what recovery feels like
Recovery is a deliberate, considered choice that is required everyday, at each meal, after each meal, between meals, when I wake up, when I go to bed, when I’m in a relationship, at parties, at functions, at work lunches, at best friend brunches, before I exercise, while I exercise, after I exercise, before I go to bed, when I wake up, on weekdays and on weekends.
It is relentless. It's so tiring having to choose to fight through my own mind all the time.
Some days don’t even feel like I’m in recovery. I may not be going backwards, but I am sure as hell not going forwards. That's what I call the "limbo state" of recovery - where nothing gets worse but nothing gets better. I maintain just the right amount of weight to remain healthy.
My recovery has been slow. It's been roughly ten years now. I envy those who seemed to have got over the majority of their disordered thoughts but on the other hand, I also fear to have what they have, which is recovery. Losing my grip on what is the remaining bit of my eating disorder would mean I would lose control and once the black hole opens, the falling never stops.
Am I right in my thinking though?
I’ve been told by therapists, friends and dieticians that I’m wrong and that my theory of falling down and down and down, unable to put on the brakes is a irrational thought. But I wouldn’t know as I’ve never truly allowed myself to fully let go of these annoying, harsh, self-deprecating thoughts.
I’ve stood on the edge of the waterfall and have looked down so many times - but just looking. Never jumping.
Why haven't I just leapt? For I have had the taste of freedom without my eating disorder and it was glorious, but for so long I have felt that my eating disorder was a part of me. Without it, who would I be? My identity would be compromised. I would no longer be that small, cute, unique person amongst all the "normal" people. It would mean I would lose the protective wall around me. I would have be vulnerable and raw; me at my most primal - something that cannot be controlled or contained within me would emerge. And that thought scared me.
After years of undertaking various forms of therapy and healing techniques, I came to the realisation, while sitting quietly and journaling in a yoga studio, that my eating disorder is like a box. It’s a box I have been holding on to dearly for years and years. Whenever something comes my way that is hard to sit with or face, I throw it in there.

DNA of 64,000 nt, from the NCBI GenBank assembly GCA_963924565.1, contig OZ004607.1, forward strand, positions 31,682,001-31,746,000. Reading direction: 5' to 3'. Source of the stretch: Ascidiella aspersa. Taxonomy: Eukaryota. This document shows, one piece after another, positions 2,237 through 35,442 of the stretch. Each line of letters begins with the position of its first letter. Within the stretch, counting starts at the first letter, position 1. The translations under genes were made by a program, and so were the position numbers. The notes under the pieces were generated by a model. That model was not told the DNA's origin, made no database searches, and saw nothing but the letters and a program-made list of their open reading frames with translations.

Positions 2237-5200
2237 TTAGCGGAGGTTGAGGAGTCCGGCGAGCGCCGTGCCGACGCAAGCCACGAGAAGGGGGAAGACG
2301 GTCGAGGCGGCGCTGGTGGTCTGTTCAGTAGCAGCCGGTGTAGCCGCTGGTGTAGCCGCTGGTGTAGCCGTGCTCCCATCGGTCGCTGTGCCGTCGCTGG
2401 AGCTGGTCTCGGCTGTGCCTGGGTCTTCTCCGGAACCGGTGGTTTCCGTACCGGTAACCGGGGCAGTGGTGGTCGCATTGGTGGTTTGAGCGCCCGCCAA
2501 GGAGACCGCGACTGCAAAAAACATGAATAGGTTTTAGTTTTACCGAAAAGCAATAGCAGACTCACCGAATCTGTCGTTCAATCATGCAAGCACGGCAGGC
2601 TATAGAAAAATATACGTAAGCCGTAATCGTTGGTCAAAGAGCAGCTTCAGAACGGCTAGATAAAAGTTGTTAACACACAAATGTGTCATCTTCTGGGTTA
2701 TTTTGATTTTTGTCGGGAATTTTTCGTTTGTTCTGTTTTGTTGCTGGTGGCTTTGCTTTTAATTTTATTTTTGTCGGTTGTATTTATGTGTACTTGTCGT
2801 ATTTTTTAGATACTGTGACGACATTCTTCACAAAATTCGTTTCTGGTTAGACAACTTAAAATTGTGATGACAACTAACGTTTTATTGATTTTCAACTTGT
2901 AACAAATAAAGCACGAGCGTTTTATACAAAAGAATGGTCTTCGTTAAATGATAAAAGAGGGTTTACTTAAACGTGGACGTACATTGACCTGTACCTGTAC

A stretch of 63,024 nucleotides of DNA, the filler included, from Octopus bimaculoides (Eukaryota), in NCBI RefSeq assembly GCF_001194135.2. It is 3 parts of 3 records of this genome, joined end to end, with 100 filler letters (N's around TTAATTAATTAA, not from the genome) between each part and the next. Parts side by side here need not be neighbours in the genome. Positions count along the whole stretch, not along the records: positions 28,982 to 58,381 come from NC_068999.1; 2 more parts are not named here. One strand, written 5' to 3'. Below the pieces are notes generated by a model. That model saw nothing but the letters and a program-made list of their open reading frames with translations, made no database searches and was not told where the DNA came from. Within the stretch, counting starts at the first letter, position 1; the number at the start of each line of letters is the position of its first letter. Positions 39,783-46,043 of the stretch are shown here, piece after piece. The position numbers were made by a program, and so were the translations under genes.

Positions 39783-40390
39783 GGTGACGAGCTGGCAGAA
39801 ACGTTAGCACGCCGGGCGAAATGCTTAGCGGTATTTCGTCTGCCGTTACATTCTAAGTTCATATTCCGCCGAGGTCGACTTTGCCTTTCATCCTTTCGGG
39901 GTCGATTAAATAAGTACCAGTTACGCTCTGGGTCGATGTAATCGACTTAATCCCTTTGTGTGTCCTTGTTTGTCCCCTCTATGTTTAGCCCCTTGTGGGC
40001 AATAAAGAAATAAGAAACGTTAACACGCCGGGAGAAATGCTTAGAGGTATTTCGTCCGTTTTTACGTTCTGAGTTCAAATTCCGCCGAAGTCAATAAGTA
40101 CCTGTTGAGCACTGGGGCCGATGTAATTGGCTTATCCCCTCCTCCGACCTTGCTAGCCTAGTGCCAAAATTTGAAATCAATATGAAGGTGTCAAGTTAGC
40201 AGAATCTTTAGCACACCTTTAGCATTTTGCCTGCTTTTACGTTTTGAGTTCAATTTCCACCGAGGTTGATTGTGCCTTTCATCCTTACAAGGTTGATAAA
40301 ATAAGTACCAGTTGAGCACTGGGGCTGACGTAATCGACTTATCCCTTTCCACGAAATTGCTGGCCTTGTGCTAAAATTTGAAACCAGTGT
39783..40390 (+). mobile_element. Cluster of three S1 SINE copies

So there it all sits - in the box - waiting and waiting, for years upon years, to be faced and dealt with. But it never does - so it grows old and ugly and disfigured. The inside of the box becomes messy, yet I still hold on, unable to look inside the mess and give it a clean.
What I can do though, should I truly want to, is to actually put that box down and walk away. That box is not me. I just picked it up during a tough time in my life without much thought - and it helped me through that experience; I could put that difficult thing away and move on with my life. Simple. But now I have been holding on to that box ever since because I don’t know how to deal with things without it.
To put the box down and walk away would mean facing things alone, unarmed. The box wouldn’t be held up tightly against me, protecting me from the blows. The truth of the matter is, is that I can put that box down. I really could. If I wanted to. But I would first have to deal with all the experiences I have been unable to face over my lifetime first that I have conveniently cast away in the box.
And how do I do that? Time and getting older, having awareness, being honest and delving deeper into past experiences. These are just some of the avenues I am exploring. It’s a continuous exploration and there is no real end goal in sight. I can’t put a date to it. I can’t ever say “AHA, I am now recovered.”
No, I just need to trust the process (a rather overused phrase that was often said when I was in a clinic for my eating disorder but which really helped me during that time).
Over the next few months, I will hopefully be sharing my journey on what it feels like to recover from an eating disorder. For the last few weeks, I have had an urge to write about this. I don't really know why, but I have been feeling very called to share what is an extremely personal and delicate topic with you all. I hope that these words touch you in some way. Please reach out to me if you are so inspired.